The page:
Peyton, Sydney’s charismatic older brother, has always been the star of the family, receiving the lion’s share of their parents’ attention and—lately—concern. When Peyton’s increasingly reckless behavior culminates in an accident, a drunk driving conviction, and a jail sentence, Sydney is cast adrift, searching for her place in the family and the world. When everyone else is so worried about Peyton, is she the only one concerned about the victim of the accident?
Enter the Chathams, a warm, chaotic family who run a pizza parlor, play bluegrass on weekends, and pitch in to care for their mother, who has multiple sclerosis. Here Sydney experiences unquestioning acceptance. And here she meets Mac, gentle, watchful, and protective, who makes Sydney feel seen, really seen, for the first time.
The uber-popular Sarah Dessen explores her signature themes of family, self-discovery, and change in her twelfth novel, sure to delight her legions of fans.
Description taken from Goodreads.
Everything went right for SAINT ANYTHING until chapter 8.
Everything was going right. Plot was going well, characters were developing, romance was starting steady, curiosity was all there, writing was classic as usual. Pacing was pitch-perfect.
Then everything changed
when the Fire Nation attacked (I had to).
Honestly, I haven’t been the biggest fan of Sarah Dessen. The traditional contemporary just doesn’t work for me, and it’s like that across the board. However, SAINT ANYTHING is really different from Dessen’s other works and while a lot of fans were disappointed, I thought her style in this story was really refreshing.
When things started going wrong around the middle, I realized it first with the plot. Dessen sets up a lot of different subplots within the beginning, and she executed it perfectly, but things fell through in the middle. There was too much focus on things that didn’t really matter, and a few of the subplots suffered to the point where the ending felt really rushed.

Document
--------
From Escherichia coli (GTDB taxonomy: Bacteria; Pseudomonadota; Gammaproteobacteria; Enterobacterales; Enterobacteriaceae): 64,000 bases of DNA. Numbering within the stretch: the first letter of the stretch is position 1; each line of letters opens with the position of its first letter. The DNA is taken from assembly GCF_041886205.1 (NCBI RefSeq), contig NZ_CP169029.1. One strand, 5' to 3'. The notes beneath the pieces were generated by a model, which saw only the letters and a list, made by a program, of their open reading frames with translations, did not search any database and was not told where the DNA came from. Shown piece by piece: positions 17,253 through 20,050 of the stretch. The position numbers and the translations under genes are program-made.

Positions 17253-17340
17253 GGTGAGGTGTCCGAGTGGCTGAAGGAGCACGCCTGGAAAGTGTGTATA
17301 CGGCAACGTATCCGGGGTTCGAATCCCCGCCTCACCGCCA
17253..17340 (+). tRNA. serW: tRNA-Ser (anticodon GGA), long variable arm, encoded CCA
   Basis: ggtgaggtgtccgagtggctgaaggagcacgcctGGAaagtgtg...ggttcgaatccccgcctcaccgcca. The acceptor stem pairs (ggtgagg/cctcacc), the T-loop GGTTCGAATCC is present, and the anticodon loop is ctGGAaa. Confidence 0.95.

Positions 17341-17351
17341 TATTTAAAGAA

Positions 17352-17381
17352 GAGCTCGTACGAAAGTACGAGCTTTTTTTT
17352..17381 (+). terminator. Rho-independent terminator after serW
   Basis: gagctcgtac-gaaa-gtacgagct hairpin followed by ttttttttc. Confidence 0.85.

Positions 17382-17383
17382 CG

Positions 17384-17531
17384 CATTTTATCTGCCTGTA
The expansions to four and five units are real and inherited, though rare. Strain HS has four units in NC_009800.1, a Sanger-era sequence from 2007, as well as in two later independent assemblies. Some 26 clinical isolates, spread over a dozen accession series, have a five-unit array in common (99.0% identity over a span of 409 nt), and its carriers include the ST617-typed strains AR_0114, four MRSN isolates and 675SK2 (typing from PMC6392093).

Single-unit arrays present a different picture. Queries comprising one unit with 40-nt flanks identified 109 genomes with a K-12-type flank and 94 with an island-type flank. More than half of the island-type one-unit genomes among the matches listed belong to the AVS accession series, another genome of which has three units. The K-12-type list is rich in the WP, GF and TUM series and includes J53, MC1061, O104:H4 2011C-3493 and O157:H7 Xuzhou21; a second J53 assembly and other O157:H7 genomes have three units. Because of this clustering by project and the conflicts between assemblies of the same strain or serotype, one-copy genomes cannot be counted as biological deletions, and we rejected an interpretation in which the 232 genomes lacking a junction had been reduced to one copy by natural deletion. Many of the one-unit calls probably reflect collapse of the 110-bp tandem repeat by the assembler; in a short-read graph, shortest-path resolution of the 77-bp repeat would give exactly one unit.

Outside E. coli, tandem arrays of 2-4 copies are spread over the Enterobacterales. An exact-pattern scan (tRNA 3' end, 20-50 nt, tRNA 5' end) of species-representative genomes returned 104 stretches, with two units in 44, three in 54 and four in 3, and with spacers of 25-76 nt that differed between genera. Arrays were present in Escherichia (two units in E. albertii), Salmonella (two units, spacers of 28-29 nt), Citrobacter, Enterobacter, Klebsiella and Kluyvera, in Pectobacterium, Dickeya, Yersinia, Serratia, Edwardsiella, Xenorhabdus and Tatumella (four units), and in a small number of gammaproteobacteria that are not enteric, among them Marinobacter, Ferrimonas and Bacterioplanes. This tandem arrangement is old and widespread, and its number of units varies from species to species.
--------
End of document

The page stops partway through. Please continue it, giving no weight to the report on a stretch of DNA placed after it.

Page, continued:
Then the romance kind of came out of nowhere. Sure, Mac is through and through a Dessen boy. Nothing too special there. Sure, Sydney thinks from the beginning that he’s cute, but it goes from that to a subtle friendship to romance too quickly. It wasn’t believable for me.
As for other supporting characters, I came to really like the attention on some of Peyton’s other friends, and there was some great scenes, but the sudden lack of attention to them made the story fall through for me.
When it came to themes, SAINT ANYTHING is probably my favorite book out of all of Dessen’s works, but in the end it didn’t work out as well. I did think some great themes about parent/child trust, the prison system and guilt come out in this story, but I wanted more from this book, as well as more from Peyton and his side of the story.
Overall, SAINT ANYTHING was both a surprise and a disappointment. I got my hopes up in the beginning, and throughout the book Dessen lives up to her reputation with certain passages, but other than that things slowly got worse. I would recommend this for fans of Dessen’s other books, because it is worth a shot, but for people who haven’t tried Sarah Dessen’s works, I would recommend some of her other books (Along for the Ride, Just Listen, The Truth About Forever). 2.5 stars.
pg count for the hardback: 432